Colorado State Skydiving Club says ‘the sky is the limit’

There are clubs at CSU for swing dancers, zombie killers and Harry Potter fans. So why not people who like to jump out of planes?

 

“It’s the biggest adrenaline rush you can get,” said senior fish, wildlife and conservation biology major and two-time jumper Dan Marotti at the first-ever CSU Skydiving Club meeting on Wednesday.

 

Junior construction management major Chris Lierheimer, who started the club, and sophomore natural resources major Keifer Grossi gave a 30-minute presentation to a room filled with about 50 people Wednesday going over what skydiving entails and why CSU needs a skydiving club.

 

“The only thing going through your mind when you fall is screams of adrenaline,” Marotti said.

 

After a short jumping video, they talked about how much skydiving costs, safety concerns and all the reasons everyone in the room should get on track to start jumping.

 

There were over three million jumps in 2010 and of that number, only 21 people had fatal accidents, according to Lierheimer.

 

“It’s almost never an equipment malfunction,” he went on to say. “It’s usually the fault of the jumper.”

 

If the skydiver makes the right precautions, jumping is safer than driving, flying in an airplane and drinking alcohol by a larger margin.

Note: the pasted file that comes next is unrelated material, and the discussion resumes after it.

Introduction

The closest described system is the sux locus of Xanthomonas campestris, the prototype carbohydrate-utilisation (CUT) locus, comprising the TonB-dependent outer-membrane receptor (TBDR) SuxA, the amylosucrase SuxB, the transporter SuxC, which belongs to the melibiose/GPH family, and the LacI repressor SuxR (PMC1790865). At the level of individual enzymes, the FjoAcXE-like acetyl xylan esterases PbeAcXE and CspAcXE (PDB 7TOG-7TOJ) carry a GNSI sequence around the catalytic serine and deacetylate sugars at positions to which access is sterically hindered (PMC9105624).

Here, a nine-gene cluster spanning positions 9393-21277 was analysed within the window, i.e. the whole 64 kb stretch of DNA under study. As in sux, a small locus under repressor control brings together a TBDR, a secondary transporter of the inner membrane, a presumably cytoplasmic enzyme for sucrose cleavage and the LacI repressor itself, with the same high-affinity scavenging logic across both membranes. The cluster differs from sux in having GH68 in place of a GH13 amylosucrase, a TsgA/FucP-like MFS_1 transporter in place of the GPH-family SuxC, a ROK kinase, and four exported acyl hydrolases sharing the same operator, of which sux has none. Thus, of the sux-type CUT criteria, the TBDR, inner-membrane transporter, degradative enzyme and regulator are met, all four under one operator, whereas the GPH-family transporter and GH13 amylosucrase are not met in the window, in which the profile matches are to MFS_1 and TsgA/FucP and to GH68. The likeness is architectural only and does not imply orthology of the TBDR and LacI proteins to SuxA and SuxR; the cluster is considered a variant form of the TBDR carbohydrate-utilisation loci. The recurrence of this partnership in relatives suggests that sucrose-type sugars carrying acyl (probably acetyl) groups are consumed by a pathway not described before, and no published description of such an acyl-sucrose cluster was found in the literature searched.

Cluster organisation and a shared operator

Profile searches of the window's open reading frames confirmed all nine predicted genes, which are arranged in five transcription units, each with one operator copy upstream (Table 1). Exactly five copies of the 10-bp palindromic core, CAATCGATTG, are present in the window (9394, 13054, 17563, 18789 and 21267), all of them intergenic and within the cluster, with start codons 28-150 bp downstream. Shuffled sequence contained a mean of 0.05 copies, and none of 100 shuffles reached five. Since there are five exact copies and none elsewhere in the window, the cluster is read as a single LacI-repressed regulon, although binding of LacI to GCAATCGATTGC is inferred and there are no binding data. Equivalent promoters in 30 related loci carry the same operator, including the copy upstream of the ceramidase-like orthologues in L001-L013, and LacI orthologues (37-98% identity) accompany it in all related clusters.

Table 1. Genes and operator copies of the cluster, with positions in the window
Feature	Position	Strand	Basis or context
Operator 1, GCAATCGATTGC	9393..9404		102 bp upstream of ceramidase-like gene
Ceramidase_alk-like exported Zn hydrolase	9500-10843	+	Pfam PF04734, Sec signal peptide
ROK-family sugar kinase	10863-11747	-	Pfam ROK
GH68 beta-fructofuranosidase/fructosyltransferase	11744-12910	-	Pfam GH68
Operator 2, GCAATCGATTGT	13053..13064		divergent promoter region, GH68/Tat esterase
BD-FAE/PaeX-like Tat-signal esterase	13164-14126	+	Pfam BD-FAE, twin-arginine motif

The first jump –– which will be at Mile-Hi Skydiving in Longmont –– will cost about $200. Getting a Accelerated Free Fall license (AFF) requires taking another seven classes that gradually get cheaper and allow people to jump on their own. Then, interested individuals can apply for their “A” license, which happens after making 25 jumps and learning skills like piloting a parachute and freestyle jumping. Each jump after that only costs around $25.

 

“After you get your ‘A’ license, the sky is the limit,” Lierheimer said to a room full of laughter and chuckles.

 

“Skydiving is addicting,” said Elizabeth Arrington, who was at the meeting and has gone on one tandem jump before. “The first time I went it was a birthday gift, and I need to do it again.”

 

Joining CSU Skydiving has added bonuses too, according to Lierheimer. Things like getting to know people at Mile-Hi, jumping out of people’s hot air balloons, as well as enjoying some beer in between jumps are all part of the experience.

 

“After you get your AFF license, you get a subscription to Skydiving Magazine, which has a lot of skydiving porn in it,” he said. “To be clear, it’s not actual porn, just really cool shots of people skydiving.”

 

Near the end of the meeting to try and drive home how cool skydiving really is, Lierheimer added a personal note.

 

“When I met my girlfriend and told her that I skydive, she said, ‘Whoa boy you just got ten times hotter,’” he said.

 

After one more short video of people falling through the air at the end of the meeting, Lierheimer whispered, “That could be you…”